The International Republican Institute (IRI) recently released the results of a survey the Institute conducted in Cuba last summer. Among the chief findings of the survey was the fact that more than three-quarters of Cubans are generally pessimistic when it comes to the leadership of the current Cuban government – they have little or no confidence that Raul Castro can solve the many everyday problems facing Cubans, including food shortages, lack of jobs and brutal high costs of (simple) living. In fact nearly the same amount of Cubans, if given the chance tomorrow, would vote to change the Cuban political- and economic systems. Indeed, more than four-out-of-five Cubans (86 percent) support immediate economic change.
A Communist Party Congress planned for this year, where economic reform was to be the main topic of discussion, was postponed indefinitely. Meanwhile economic growth on the island, affected by the global economic crisis as well as declines in global nickel prices, slowed from 7.0 percent in 2007 to 4.3 percent in 2008 and is expected to dip to as low as 1.6 percent in 2009.
From a pure economic perspective, the situation on the island is as bad as it’s been in the last 25 years. In the IRI survey, one-in-five Cubans cited food scarcity as their biggest concern (20 percent), highlighting the long-term impact of problems such as production and imports which have greatly damaged Cubans’ access to food. The internal dynamics and increased financial pressures have forced the Cuban government to continue implementing new ‘austerity measures’ such as ration card reductions and the closure of ministry cafeterias in lieu of a lunch stipend.
The country still finds itself struggling to rebound from the three hurricanes that hit in late 2008, causing an estimated 10 billion dollars in damage, while the Cuban state faces a slew of infrastructural problems. Over the summer months the country faced a return to the frequent power cuts that were common in the 1990s. Bus and train services were cut and state-run shops and households were told to shut-off their power for hours during the day and abstain from consumption during peak hours.
When Raul Castro came to power almost three years ago, there was hope that he would open the door for economic reform in Cuba. While he did lift some “excessive prohibitions” on items such as cell phones and electronics, eased restrictions on taxi licenses (the number of licenses has increased from 3,486 to 6,334 nationwide, with 1,280 license applications still in process in August 2009), and even allowed some unused state-owned land to be privately cultivated for agricultural production, most of Raul Castro’s promised reforms have amounted to nothing more than concepts and talking points.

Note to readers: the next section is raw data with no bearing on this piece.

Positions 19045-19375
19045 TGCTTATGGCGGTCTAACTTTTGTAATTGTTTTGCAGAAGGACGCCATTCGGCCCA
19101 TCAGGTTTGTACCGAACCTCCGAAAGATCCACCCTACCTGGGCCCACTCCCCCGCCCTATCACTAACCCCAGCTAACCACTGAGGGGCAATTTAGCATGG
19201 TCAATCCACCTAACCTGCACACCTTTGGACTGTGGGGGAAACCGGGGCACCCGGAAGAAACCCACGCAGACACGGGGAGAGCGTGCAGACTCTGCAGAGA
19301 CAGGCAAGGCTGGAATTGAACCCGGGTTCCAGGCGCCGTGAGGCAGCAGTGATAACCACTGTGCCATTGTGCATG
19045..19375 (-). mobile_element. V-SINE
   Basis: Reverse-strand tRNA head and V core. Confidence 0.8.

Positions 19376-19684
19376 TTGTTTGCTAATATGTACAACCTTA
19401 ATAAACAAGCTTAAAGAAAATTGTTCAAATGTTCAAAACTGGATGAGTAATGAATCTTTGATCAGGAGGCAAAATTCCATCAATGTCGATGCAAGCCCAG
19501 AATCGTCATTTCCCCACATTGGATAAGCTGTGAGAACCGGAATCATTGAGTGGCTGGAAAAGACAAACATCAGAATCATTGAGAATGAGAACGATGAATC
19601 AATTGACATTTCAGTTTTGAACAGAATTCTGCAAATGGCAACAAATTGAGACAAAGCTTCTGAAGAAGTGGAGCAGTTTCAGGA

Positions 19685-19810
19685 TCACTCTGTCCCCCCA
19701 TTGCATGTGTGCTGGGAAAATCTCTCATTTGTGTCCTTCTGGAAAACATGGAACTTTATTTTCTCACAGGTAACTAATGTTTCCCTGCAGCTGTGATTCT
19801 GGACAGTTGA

After more than 50 years, Cuba’s government still controls nearly every aspect of the economy, allowing only very limited free enterprise. Onerous legal restrictions on private enterprise, including tax increases and the suspension of licenses available for professions previously authorized for self-employment during openings in the 90s, leave citizens with little options outside of the black market to make ends meet. IRI’s survey demonstrates Cuban desire for the want the opportunity to own and operate businesses (as well as buy and sell their own homes). Anecdotally we also know this to be true, as Cubans commonly demonstrate to visitors their abilities and desires for entrepreneurial opportunities. Just two weeks ago a group of Cuban citizens from 32 organizations across the island gathered to publically call on the Cuban government to ease bans on private business ownership and free enterprise. These citizens, like their peers, clearly want freedom for greater economic opportunities; the creation of jobs and real income opportunities that they drive themselves.
Cubans, like others, seek the freedom to be the drivers of their own activities. They want to embrace imagination, innovation and creativity to improve their own lives and determine their own futures.
During his short time as Fidel’s successor, Raul Castro has raised expectations for “changes of structure and concept” in Cuba, but so far those expectations have been unfulfilled, which is reflected in the IRI survey.
In closed societies there’s always the threat that change comes slow because citizens “don’t know what they don’t know”…this is not the case in Cuba. Increasingly, they know very well how the world operates outside of Cuba, and they want what is currently unoffered to them.Top